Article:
A new study has shown that trees that make up many of the forests in the eastern portion of the US are steadily migrating north and west, reports Phys.org.
If the trend continued, it could one day change the composition of western forests to look more like eastern forests, while some sections of eastern forests could shift to something else entirely.
The change seems to be due to a shift in climate as the southeast gets drier while the west gets gradually wetter. For instance, the range of the eastern white pine has moved over 80 miles west since the early 1980s.
Also, the scarlet oak has moved over 127 miles to the northwest from the Appalachians over the same time period and the tree is more common in the midwest.
"This analysis provides solid evidence that changes are occurring," wrote US forest chief Michael Dombeck. "It's critical that we not ignore what analyses like these and what science is telling us about what is happening in nature."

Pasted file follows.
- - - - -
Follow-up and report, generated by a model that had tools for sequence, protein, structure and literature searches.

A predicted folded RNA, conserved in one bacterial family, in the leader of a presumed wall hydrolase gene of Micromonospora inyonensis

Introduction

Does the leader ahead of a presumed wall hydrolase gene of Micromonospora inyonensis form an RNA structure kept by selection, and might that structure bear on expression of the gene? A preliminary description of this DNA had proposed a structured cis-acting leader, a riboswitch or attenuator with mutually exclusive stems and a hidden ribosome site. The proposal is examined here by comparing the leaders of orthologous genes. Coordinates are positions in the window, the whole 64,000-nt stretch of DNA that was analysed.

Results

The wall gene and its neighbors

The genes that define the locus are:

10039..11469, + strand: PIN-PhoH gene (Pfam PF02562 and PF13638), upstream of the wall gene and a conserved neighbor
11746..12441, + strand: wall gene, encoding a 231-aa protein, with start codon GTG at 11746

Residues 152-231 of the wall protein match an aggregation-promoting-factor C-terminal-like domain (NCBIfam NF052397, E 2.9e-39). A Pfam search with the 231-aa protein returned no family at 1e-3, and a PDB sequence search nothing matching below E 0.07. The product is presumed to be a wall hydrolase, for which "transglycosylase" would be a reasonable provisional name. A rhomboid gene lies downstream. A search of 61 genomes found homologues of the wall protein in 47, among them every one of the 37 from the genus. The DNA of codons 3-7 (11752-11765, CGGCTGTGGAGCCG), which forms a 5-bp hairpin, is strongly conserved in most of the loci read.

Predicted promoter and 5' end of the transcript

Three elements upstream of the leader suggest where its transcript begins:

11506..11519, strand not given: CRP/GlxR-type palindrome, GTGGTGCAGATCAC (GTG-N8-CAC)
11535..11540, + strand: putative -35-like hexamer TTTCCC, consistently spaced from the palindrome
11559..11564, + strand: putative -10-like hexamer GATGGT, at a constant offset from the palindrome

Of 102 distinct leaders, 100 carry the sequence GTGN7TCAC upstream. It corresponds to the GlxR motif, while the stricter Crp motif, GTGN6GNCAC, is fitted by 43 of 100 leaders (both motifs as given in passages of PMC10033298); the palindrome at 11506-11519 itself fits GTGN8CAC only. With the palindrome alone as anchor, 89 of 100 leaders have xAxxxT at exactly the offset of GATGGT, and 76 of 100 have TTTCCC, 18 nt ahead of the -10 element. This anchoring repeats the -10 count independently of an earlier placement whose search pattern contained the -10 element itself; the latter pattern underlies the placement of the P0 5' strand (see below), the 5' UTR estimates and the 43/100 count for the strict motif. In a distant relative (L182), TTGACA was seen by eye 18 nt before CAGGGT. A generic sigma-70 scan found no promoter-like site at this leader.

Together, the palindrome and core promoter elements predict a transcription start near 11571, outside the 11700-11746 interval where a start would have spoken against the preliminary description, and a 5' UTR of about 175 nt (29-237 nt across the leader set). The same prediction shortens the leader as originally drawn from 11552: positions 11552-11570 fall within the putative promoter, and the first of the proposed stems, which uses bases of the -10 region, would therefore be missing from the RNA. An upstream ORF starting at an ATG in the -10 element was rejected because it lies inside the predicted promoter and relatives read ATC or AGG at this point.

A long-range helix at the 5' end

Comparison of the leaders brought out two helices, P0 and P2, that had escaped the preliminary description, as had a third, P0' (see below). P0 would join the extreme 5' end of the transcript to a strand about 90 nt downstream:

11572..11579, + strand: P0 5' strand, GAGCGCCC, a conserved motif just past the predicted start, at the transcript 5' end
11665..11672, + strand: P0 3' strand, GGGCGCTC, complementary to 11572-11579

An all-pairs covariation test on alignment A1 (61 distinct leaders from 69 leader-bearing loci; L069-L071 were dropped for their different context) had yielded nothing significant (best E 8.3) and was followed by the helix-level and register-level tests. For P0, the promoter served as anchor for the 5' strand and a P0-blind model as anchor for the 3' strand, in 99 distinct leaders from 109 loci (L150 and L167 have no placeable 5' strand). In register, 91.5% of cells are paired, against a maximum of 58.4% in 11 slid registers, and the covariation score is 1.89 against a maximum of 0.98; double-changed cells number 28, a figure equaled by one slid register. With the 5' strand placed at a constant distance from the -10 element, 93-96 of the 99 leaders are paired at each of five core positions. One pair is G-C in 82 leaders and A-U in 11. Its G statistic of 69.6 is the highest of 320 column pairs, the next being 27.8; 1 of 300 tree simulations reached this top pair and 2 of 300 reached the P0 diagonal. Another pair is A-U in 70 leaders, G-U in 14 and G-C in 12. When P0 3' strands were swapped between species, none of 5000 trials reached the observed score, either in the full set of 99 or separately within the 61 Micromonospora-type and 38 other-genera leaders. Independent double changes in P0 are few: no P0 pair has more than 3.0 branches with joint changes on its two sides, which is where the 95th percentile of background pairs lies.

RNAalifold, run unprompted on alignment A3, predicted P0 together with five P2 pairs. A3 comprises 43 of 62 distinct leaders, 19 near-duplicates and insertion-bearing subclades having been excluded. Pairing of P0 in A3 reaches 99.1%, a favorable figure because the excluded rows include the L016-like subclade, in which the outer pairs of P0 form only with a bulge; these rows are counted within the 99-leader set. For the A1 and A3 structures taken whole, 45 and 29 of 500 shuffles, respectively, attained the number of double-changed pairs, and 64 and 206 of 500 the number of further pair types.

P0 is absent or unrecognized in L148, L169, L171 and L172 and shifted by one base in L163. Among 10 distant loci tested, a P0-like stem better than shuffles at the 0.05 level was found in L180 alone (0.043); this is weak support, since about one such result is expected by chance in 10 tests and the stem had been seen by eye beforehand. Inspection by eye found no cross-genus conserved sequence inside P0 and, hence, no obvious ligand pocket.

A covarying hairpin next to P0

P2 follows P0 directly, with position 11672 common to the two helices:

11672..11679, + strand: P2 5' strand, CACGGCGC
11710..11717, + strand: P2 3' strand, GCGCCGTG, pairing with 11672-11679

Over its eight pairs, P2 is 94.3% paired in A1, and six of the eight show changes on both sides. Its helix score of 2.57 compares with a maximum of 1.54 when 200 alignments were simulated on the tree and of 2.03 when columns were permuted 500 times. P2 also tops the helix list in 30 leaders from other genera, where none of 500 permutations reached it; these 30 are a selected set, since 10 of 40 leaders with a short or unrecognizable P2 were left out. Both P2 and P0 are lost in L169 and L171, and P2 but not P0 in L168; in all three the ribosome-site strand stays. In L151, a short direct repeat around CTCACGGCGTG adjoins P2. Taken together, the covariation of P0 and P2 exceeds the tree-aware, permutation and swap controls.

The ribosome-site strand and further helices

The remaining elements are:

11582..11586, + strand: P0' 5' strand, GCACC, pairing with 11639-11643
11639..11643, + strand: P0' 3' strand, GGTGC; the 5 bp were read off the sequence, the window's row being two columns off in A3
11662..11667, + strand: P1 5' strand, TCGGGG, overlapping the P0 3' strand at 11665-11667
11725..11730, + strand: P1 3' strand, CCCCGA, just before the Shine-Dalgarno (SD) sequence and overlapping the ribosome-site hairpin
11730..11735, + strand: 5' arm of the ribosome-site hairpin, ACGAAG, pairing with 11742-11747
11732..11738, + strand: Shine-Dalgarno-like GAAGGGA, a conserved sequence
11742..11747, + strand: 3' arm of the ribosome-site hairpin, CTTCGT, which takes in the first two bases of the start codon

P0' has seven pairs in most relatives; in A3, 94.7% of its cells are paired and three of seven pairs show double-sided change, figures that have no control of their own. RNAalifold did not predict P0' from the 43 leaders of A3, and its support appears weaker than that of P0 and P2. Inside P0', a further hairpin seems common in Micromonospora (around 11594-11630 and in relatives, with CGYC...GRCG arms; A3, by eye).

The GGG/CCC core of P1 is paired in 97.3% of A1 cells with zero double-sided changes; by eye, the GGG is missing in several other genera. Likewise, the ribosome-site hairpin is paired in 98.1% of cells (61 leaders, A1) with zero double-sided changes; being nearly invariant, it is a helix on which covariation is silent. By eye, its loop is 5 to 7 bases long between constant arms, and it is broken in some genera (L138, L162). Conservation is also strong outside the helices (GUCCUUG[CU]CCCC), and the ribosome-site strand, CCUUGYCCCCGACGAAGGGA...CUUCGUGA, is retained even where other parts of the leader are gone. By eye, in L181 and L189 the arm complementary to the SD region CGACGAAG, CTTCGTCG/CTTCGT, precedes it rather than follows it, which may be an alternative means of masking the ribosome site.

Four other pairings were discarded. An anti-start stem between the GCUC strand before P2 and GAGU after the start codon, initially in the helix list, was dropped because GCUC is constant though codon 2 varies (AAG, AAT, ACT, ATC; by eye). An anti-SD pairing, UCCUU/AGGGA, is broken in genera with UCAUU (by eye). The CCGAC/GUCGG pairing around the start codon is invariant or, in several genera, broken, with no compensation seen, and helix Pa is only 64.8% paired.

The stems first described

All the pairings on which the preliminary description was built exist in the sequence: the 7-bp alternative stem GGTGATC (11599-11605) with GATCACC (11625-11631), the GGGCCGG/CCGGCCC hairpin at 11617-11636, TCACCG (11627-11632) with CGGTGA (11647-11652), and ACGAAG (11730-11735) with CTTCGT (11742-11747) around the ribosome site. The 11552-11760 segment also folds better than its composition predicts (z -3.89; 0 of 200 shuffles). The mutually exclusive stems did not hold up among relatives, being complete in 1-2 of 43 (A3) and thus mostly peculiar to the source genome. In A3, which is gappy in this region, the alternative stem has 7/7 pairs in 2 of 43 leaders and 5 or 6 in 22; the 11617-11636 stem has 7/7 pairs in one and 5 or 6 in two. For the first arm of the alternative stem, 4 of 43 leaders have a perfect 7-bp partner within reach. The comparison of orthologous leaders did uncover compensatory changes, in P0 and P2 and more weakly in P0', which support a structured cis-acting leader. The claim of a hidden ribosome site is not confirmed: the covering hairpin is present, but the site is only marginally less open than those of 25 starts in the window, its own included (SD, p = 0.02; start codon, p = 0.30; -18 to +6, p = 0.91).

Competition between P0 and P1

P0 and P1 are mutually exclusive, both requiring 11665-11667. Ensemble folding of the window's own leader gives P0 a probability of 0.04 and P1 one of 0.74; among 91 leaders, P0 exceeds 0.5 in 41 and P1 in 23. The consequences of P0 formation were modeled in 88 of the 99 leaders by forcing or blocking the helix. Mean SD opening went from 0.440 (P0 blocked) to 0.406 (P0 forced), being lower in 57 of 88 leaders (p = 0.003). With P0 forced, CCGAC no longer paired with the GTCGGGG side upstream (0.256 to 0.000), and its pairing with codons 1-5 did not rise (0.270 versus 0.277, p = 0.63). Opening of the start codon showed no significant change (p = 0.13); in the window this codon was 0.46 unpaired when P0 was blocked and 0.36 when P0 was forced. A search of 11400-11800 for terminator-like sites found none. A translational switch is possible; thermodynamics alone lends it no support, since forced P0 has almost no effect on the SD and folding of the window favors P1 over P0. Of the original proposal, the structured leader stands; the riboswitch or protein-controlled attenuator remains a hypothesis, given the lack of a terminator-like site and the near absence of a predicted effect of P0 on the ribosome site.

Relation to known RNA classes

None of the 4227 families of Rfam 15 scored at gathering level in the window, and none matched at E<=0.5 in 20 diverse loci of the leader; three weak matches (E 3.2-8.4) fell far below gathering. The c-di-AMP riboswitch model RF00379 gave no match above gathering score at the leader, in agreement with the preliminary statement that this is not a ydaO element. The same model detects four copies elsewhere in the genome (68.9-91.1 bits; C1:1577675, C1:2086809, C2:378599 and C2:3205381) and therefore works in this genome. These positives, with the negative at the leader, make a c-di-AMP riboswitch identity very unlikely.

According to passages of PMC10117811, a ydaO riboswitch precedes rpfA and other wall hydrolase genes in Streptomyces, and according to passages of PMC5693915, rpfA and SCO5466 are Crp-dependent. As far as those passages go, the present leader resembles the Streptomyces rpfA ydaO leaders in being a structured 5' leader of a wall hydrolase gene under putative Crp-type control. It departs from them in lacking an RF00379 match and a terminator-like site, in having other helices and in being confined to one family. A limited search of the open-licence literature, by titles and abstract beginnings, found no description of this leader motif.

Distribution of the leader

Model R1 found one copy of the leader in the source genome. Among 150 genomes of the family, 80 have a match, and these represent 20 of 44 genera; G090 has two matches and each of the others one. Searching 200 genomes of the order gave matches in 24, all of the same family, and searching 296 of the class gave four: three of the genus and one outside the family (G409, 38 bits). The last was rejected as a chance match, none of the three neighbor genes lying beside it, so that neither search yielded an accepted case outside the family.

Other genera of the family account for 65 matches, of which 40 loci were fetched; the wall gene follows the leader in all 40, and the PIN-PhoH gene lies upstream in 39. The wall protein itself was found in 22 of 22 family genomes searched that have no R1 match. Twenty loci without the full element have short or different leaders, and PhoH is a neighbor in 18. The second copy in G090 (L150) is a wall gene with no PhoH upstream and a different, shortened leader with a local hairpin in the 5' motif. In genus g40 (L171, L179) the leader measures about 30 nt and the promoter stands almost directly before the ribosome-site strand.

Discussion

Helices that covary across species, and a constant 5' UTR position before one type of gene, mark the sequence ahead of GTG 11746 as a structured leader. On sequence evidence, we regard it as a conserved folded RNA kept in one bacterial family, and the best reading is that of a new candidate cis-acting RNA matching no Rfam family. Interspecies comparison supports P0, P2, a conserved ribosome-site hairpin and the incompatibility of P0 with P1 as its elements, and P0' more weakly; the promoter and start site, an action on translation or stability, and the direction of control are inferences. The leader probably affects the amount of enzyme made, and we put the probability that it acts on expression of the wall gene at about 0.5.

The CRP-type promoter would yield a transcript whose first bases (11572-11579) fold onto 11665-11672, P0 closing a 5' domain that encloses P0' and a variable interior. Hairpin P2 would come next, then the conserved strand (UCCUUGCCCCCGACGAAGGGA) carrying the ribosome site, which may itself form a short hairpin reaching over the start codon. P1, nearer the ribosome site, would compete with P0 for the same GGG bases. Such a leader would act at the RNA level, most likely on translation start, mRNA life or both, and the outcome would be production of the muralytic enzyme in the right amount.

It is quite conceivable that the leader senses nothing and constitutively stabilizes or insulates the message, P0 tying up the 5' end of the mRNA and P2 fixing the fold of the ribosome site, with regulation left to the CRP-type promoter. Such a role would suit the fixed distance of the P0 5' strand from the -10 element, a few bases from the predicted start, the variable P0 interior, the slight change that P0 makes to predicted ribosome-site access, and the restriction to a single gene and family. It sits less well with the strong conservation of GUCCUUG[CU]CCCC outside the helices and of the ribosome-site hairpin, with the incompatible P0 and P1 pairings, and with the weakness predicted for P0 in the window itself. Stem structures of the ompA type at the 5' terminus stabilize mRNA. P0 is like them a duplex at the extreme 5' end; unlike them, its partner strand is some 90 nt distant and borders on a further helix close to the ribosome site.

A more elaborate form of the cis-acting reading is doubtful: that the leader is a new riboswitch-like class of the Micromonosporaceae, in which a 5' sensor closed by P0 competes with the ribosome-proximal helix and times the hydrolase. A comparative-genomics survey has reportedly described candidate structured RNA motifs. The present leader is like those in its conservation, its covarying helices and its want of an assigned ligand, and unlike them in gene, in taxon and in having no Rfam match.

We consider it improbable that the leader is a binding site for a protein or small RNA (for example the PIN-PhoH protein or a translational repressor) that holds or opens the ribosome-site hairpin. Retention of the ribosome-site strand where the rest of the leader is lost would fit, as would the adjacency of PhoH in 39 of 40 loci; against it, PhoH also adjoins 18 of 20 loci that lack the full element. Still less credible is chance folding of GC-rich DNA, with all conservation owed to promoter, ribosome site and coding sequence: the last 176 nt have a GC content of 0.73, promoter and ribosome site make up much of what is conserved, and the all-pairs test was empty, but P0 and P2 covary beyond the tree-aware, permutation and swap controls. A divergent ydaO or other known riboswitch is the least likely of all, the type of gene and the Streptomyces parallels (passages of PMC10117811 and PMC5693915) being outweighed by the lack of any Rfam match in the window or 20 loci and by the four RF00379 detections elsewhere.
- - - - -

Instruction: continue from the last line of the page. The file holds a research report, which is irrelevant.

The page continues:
According to experts, subtle shifts in what grows at a forest's borders can mean big geographic changes over time.
According to researchers, as the climate warmed, the northern movement of vegetation into colder regions was to be expected, but the movement west was a bit of a surprise.
Songlin Fei, a forest ecologist at Purdue University in West Lafayette, Indiana, and his colleagues studied the shifting patterns of 86 types of trees using data collected by the US Forest Service's Forest Inventory and Analysis Program over two periods, from 1980 to 1995 and between 2013 and 2015 for all states.
They found more species were moving west than north, probably partly due to changes in precipitation patterns, the team reported on 17 May in Science Advances.
''That was a huge surprise for us,'' says Fei.